COVID-19 related deaths rise to three in Ulster County

Photo courtesy of @UlsterCountyExecutive
Ulster County Executive Pat Ryan holds a virtual town hall to update residents on the county’s response to the COVID-19 outbreak.

Ulster County Executive Pat Ryan confirmed the first COVID-19 related death on March 30. The victim, a 76-year-old male from the Town of Plattekill, passed away at Vassar Brothers Medical Center in Poughkeepsie on Sunday. As of March 31, Ryan confirmed another COVID-19 related death of a 49-year-old from New Paltz and a 55-year-old from Plattekill.

“This serves as a sobering reminder of the severity of the situation and the need for all of us to take all precautions necessary to stop the spread of COVID-19,” Ryan said. “I would like to thank all of our medical and emergency service professionals who have been on the frontline since day one and I would like to assure everyone that my office will continue to work around the clock to protect the health and safety of all of the residents of Ulster County.”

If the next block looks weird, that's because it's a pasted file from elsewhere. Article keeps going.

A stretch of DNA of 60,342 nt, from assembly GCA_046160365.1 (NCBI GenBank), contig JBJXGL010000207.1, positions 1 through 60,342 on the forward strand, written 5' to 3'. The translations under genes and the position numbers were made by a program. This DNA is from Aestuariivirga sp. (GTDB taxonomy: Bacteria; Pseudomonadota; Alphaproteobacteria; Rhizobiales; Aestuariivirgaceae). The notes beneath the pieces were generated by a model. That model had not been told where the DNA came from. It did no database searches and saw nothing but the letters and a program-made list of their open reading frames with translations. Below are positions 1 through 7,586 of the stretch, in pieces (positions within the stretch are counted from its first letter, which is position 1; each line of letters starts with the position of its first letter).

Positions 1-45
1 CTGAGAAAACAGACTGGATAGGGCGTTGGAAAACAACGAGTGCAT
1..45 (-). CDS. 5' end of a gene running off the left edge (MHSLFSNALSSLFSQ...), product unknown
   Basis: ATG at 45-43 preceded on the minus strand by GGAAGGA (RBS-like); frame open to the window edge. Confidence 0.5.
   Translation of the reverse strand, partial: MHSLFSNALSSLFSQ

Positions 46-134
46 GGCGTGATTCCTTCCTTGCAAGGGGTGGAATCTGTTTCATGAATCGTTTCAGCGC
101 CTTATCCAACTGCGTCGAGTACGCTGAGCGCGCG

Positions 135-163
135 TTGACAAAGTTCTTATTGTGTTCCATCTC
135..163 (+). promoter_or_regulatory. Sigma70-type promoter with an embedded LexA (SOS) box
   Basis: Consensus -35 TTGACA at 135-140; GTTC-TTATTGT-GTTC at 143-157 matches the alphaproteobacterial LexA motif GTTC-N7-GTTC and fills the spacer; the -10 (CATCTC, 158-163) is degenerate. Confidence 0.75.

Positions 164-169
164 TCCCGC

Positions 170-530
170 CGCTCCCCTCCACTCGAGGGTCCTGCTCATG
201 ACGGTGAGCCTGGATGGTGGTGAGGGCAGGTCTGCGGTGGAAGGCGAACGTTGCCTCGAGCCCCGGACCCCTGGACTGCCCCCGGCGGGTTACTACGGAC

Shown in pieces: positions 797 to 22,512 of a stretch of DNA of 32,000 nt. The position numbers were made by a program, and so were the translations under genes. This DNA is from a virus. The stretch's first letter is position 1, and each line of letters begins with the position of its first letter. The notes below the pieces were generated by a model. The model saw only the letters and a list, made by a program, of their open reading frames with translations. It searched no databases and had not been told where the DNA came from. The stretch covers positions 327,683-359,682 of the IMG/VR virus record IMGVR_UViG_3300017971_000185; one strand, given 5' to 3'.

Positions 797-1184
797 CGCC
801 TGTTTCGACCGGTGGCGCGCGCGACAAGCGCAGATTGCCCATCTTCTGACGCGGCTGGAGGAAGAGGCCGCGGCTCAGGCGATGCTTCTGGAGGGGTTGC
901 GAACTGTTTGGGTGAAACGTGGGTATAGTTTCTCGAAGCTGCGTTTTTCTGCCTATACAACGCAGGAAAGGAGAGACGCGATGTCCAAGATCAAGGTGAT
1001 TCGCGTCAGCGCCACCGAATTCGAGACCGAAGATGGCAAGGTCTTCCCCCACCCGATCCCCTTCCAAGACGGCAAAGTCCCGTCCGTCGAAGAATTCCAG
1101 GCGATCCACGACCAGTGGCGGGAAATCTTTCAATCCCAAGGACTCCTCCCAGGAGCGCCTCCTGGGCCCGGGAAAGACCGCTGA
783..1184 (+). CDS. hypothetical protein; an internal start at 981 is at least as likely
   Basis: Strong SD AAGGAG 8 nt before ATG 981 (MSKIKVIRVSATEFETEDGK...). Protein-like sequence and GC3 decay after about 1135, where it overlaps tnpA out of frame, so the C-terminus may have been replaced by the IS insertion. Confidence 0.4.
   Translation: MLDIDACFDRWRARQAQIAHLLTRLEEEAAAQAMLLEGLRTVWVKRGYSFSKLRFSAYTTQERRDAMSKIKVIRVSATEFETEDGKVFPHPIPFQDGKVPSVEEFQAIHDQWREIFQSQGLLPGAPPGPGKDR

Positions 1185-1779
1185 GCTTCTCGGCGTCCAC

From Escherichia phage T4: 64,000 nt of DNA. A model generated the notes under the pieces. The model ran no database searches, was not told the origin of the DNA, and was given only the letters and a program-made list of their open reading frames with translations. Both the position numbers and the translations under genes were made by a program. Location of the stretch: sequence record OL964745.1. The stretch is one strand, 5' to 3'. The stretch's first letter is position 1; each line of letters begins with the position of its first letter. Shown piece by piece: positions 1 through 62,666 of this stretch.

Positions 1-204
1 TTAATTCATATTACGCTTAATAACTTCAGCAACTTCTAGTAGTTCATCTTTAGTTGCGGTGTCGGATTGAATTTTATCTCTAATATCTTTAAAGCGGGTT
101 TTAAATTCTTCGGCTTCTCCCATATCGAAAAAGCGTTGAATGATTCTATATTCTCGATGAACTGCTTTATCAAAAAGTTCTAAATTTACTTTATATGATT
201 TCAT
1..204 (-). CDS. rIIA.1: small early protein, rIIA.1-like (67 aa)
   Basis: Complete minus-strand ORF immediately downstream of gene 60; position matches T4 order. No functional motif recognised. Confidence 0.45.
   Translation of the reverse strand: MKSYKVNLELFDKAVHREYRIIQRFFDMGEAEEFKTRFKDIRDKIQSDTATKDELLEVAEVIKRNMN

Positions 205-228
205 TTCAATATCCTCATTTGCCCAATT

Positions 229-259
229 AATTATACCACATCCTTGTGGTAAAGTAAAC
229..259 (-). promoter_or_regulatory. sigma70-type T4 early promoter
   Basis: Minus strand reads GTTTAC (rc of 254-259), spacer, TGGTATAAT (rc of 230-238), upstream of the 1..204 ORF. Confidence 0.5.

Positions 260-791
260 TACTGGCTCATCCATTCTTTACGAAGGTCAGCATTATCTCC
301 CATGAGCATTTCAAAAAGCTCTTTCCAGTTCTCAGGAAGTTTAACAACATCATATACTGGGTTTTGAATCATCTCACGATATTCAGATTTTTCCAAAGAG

As of April 1, there are 215 confirmed cases of COVID-19 in Ulster County, with more than 76,000 cases across New York state.

Ulster County’s first death came on the same day Gov. Andrew Cuomo extended his series of executive orders aimed at reducing social density, keeping non-essential workers at home and closing bars, restaurants, salons, barber shops, malls and other businesses until April 15. Schools are also remaining closed until then and state officials will re-evaluate after this additional two-week period.

On Saturday, President Donald Trump announced that he is extending the national social distancing guidelines in place — staying home, avoiding nonessential travel, no dining out and avoiding gatherings with 10 or more people—through April 30. Trump predicted that a return to normalcy should not be expected until June.

“We can expect that by June 1, we will be well on our way to recovery,” Trump said.

Ryan highly encourages the 180,000 residents of Ulster County to stay home.

“Maintaining social distancing practices and simply staying home will save lives. My team will continue to work non-stop to slow the spread of COVID-19 and help those in need impacted by this epidemic,” Ryan said.